Nathan Englander is not yet the household name that the short story writer Raymond Carver became during his lifetime, but Carver - and one of his best-known stories, "What We Talk About When We Talk About Love" - may be the boost that pushes Englander to that level. Englander's just-released collection of short stories is entitled What We Talk About When We Talk About Anne Frank (Knopf, $25). The title story, in which characters play something called "the Anne Frank game," is a smart, dead-on homage to/pastiche of the Carver story. It's imbued, however, with Englander's trademark themes: contemporary Judaism, Israeli politics, the persistent echo of the Holocaust.
Englander's work is often mentioned in the company of great Jewish storytellers like Bernard Malamud, Isaac B. Singer and Franz Kafka, as well as contemporaries like Jonathan Safran Foer and Michael Chabon. Englander returns insistently to emotionally charged, difficult issues, in this book and in his debut collection, For the Relief of Unbearable Urges (1999), and novel, The Ministry of Special Cases (2007). The stories in the new collection are rooted in the recent history of Jews but also, as in "The Reader," take us to the cusp of our current cultural shift between old-school written word and the digital future. He has lived primarily in New York City and Jerusalem.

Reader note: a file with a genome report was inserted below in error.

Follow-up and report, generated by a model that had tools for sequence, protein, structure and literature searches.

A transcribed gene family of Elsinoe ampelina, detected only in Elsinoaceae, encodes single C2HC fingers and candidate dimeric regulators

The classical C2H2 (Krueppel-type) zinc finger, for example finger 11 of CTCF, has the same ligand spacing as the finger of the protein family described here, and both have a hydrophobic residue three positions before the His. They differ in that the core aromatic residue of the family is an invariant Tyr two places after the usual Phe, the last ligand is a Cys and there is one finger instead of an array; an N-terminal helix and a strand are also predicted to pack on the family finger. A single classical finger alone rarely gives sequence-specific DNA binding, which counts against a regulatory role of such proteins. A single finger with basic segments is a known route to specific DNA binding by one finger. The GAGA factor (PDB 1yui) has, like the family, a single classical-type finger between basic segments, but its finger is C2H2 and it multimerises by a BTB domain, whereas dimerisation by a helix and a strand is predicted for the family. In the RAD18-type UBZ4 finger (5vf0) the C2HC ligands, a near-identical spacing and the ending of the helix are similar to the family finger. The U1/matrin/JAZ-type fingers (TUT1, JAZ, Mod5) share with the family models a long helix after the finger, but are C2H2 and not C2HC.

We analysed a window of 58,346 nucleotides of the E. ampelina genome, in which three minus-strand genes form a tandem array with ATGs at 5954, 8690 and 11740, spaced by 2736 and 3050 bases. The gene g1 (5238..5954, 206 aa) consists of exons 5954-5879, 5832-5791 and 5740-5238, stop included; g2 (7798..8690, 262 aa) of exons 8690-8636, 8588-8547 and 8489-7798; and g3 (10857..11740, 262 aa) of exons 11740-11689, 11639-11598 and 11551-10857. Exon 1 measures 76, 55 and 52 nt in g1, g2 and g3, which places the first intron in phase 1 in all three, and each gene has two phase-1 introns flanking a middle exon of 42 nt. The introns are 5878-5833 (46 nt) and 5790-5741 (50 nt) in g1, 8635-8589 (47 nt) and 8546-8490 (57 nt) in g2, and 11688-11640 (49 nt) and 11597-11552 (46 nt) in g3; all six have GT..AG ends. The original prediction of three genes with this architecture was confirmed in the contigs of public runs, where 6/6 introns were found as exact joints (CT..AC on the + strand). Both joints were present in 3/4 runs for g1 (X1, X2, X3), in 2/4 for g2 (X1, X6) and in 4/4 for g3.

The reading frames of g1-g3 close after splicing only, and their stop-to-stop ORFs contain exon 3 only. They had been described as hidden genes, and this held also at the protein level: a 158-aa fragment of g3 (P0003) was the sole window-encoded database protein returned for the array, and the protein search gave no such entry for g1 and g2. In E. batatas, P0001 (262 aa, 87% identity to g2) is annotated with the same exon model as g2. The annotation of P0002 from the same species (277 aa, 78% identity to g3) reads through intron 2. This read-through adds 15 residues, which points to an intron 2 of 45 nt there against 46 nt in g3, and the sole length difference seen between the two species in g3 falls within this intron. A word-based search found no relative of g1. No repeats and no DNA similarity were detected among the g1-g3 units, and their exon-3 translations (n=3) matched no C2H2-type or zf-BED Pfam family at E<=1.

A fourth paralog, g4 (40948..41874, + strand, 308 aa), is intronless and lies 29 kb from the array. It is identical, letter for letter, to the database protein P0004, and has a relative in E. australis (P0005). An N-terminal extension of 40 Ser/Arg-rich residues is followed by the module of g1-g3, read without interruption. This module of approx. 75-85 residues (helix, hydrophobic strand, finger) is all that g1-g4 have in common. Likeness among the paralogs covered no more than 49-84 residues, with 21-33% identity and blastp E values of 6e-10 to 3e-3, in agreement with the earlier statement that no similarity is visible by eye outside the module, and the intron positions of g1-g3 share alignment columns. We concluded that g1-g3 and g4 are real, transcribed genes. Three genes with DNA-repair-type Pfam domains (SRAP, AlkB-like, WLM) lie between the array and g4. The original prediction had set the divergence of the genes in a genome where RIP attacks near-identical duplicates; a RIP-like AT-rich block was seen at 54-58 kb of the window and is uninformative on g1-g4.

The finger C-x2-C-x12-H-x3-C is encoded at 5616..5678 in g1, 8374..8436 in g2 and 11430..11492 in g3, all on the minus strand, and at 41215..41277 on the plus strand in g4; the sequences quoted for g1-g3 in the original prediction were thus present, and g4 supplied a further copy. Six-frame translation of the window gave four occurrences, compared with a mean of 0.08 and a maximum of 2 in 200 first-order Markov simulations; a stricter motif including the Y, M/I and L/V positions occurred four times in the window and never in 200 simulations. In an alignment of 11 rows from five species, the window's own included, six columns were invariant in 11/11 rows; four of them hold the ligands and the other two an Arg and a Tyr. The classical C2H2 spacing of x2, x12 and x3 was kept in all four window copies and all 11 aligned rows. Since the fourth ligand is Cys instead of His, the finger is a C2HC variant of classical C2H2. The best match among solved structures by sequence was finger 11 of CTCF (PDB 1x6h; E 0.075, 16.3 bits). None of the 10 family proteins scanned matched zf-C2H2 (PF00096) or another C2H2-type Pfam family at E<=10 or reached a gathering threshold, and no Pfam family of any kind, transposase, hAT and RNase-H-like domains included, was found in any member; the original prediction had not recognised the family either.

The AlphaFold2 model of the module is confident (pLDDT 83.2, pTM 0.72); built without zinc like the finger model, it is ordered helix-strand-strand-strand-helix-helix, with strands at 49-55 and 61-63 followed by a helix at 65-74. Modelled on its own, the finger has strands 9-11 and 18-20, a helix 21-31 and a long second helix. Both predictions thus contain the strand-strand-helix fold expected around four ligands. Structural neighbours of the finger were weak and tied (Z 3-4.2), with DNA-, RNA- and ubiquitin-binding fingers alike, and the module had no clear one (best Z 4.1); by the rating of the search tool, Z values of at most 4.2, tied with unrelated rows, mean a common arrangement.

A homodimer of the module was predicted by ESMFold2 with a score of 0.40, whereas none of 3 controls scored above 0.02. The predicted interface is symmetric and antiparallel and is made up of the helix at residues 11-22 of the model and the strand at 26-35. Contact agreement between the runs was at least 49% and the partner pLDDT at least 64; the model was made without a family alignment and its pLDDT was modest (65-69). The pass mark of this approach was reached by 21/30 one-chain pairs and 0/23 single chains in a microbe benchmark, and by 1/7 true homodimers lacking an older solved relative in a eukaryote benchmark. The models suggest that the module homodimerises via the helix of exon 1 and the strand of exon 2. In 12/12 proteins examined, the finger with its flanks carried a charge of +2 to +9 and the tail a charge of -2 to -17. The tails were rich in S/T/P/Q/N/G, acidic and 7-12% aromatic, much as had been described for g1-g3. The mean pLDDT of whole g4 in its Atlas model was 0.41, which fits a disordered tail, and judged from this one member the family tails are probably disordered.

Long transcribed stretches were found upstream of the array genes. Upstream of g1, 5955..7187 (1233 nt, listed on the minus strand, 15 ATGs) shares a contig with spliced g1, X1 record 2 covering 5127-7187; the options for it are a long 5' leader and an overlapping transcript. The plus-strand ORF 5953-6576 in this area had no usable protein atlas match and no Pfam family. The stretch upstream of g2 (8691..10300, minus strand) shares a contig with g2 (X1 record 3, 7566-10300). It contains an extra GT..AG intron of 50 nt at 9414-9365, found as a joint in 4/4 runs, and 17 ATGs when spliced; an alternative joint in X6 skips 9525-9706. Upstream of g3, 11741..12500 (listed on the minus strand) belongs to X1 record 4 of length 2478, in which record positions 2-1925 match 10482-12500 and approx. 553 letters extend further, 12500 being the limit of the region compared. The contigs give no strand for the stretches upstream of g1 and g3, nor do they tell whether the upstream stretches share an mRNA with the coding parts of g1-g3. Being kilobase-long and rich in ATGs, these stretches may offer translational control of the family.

Now Englander, 42, is calling Madison, Wis., his part-time home base. We spoke on the phone just prior to Englander's nine-city, cross-country promotional tour in support of What We Talk About When We Talk About Anne Frank.
I was surprised to see in the press materials for the new book the sentence, "Nathan Englander lives in Brooklyn, N.Y., and Madison, Wisconsin."